Northrop Frye says that tragedy in the Bible is “ironic,” which means that tragedy is never an end in itself but always leads to a subtler, unforeseen truth. Thus when I speak of tragedy, I do not speak of tragedy that is final, ultimate, or the only stage in life. Ultimate tragedy is the evil one’s story; redeemed tragedy is God’s. Our lives then, if they reflect the big picture of the Bible, journey though a tragic, suffering world while yearning for a perfect world. But then, this is the theological rub, isn’t it? We sit around waiting for a perfect world or we miss the city built without hands because we are so busy building it here on earth. Much of the way we think as Christians attempts to bring heaven to this earth right now and in every situation because we deny the very real tragedy of suffering.
How should we live in tragedy then? If you agree with my foundational premise that God invites us to live as he does-in the full reality that tragedy is everywhere and a necessary part of the story-then we must answer the question, “How do I live well in this life?” Most importantly, we are discontent because our world is not as it should be. As we have seen, this means that we do not accept life as it is. Living back in Eden or ahead in heaven is ultimately an unreal life that saps the passion from our lives. This theology makes us content and calls us to nothingness. A Christian who is discontent, on the other hand, desperately seeks to join God in redeeming a tragic world, not dismissing a tragic world. When we are content we are satisfied, and this satisfaction ultimately slips into despair and arrogance. We lose moments of passionate connection and creativity. God invites us to live the questions and to yearn for resolution without dismissing the questions. Someone once said, “You can easily recognize false teachers by the fact that they know the answers to all the questions.”
Let me offer a very simple statement: suffering is the gateway to heaven. And I mean by heaven more than we normally think of suffering heaven. If we cannot accept suffering and the grief that accompanies it, then we are saying that grief is greater than the gospel. Yes, I am taking up an age-old topic that seems to be quite manageable by any moderately well-read Christian. But I want to approach the issue of human suffering from a very different vantage point-one that we rarely think from. When we speak of suffering, most of the time we mean human suffering. I want to think of suffering in this essay from God’s view—quite a presumptuous, prodigious task, yet I believe our view of God’s suffering will ultimately determine and dictate our view of human suffering. Our view of tragedy in God’s purview will guide our own view of personal tragedy. The most pressing need here is to say that in the discussion of human suffering and tragedy we have invented a comfortable God who thinks of tragedy the way we do.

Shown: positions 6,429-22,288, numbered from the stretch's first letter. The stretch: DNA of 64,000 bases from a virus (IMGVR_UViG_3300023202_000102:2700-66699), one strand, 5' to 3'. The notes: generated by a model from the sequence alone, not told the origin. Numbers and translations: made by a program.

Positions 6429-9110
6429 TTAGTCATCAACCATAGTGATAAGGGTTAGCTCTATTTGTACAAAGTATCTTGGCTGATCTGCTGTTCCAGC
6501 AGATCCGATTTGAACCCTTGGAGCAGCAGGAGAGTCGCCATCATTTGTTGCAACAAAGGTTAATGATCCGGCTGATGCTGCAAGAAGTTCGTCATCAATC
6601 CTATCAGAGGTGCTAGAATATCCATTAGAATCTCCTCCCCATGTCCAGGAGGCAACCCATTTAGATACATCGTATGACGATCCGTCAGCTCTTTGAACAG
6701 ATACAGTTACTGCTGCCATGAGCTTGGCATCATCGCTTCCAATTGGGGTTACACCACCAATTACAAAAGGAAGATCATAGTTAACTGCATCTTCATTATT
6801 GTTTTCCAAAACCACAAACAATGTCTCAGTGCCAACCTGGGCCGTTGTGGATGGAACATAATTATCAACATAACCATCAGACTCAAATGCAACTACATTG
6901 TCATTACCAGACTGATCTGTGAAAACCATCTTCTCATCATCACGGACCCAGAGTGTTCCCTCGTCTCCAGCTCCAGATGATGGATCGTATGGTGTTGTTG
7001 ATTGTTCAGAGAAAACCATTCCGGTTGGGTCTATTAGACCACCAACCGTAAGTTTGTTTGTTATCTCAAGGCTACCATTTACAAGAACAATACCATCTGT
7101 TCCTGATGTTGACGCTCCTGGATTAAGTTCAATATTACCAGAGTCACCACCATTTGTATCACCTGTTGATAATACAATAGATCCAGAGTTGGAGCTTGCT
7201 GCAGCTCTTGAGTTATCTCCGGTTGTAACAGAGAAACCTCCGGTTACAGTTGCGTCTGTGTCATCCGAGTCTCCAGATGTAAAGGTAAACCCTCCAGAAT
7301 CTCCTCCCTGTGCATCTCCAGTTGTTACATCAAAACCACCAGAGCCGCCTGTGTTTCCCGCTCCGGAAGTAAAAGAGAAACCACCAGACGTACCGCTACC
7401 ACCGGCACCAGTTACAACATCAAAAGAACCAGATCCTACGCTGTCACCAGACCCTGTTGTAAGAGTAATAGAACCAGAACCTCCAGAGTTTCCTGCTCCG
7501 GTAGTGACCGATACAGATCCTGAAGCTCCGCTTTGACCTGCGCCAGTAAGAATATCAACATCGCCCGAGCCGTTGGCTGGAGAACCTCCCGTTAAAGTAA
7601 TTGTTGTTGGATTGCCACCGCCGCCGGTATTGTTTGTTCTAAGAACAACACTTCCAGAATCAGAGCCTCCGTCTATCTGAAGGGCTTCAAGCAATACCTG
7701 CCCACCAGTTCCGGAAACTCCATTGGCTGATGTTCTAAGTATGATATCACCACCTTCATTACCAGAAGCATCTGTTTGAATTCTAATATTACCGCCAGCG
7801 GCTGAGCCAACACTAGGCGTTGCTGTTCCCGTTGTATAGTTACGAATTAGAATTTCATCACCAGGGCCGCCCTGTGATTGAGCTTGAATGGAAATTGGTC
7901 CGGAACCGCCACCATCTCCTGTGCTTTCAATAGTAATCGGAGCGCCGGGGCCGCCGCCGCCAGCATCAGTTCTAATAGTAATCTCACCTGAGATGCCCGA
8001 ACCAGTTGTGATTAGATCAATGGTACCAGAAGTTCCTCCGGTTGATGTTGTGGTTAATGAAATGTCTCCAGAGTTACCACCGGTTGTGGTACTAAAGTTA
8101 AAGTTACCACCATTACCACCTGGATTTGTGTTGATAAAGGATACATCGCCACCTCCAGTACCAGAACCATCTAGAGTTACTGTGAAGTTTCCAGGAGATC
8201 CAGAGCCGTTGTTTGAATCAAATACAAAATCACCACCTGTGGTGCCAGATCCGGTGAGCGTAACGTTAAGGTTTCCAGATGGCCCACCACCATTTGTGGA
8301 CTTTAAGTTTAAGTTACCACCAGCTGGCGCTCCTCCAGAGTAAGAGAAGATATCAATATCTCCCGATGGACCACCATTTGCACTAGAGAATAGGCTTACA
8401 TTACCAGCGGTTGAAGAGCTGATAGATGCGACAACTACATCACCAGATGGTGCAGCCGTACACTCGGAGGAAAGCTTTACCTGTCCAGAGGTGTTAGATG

The problem is that most of us have a very skewed idea of how God looks at tragedy. We think of God very much the way the ancient Greeks did. He is the unmoved mover, the apathetic God. It is not that he does not care, but that he does not really care in his care. “Christian theology acquired Greek philosophy’s ways of thinking in the Hellenistic world; and since that time most theologians have simultaneously maintained the passion of Christ, God’s son, and the deity’s essential incapacity for suffering—even though it was at the price of having to talk paradoxically about ‘the sufferings of the God who cannot suffer.’”2 We think of God as supremely rational, but rarely do we think of him as emotional. Even more so, we believe in a God who is quite content. In our obsession to create God in our own likeness, we have fashioned him to be a God who looks down on us with glib contentment. Our theology of suffering is really a theology of nonsuffering.
Have we American Christians very subtly replaced the God of the Bible with the Aristotelian god, the unmoved mover, the dispassionate god, the god who does not suffer? If this is true, is it because we are scandalized by the God of the Bible, the God who suffers, the God who is moved by our passions? Is this not the truly ironic tragedy of the Bible—that we have a God who not only allows or brings suffering into the world but also brings suffering into his heaven? God as the passionate God, then, is very discontent and his suffering is inconsolable. He is the God who lowered himself to the depths of suffering.
So how is it that our God can look down on us with contentment? I do not believe in a God who merely observes our tragedies with a cold reserve. I believe instead that he is a God who participates in our sufferings while we participate in his suffering of the cross. Does heaven really cancel out the suffering of the moment? Should we use the future to remove us from the present, or should the future increase the yearning for the day of the Lord?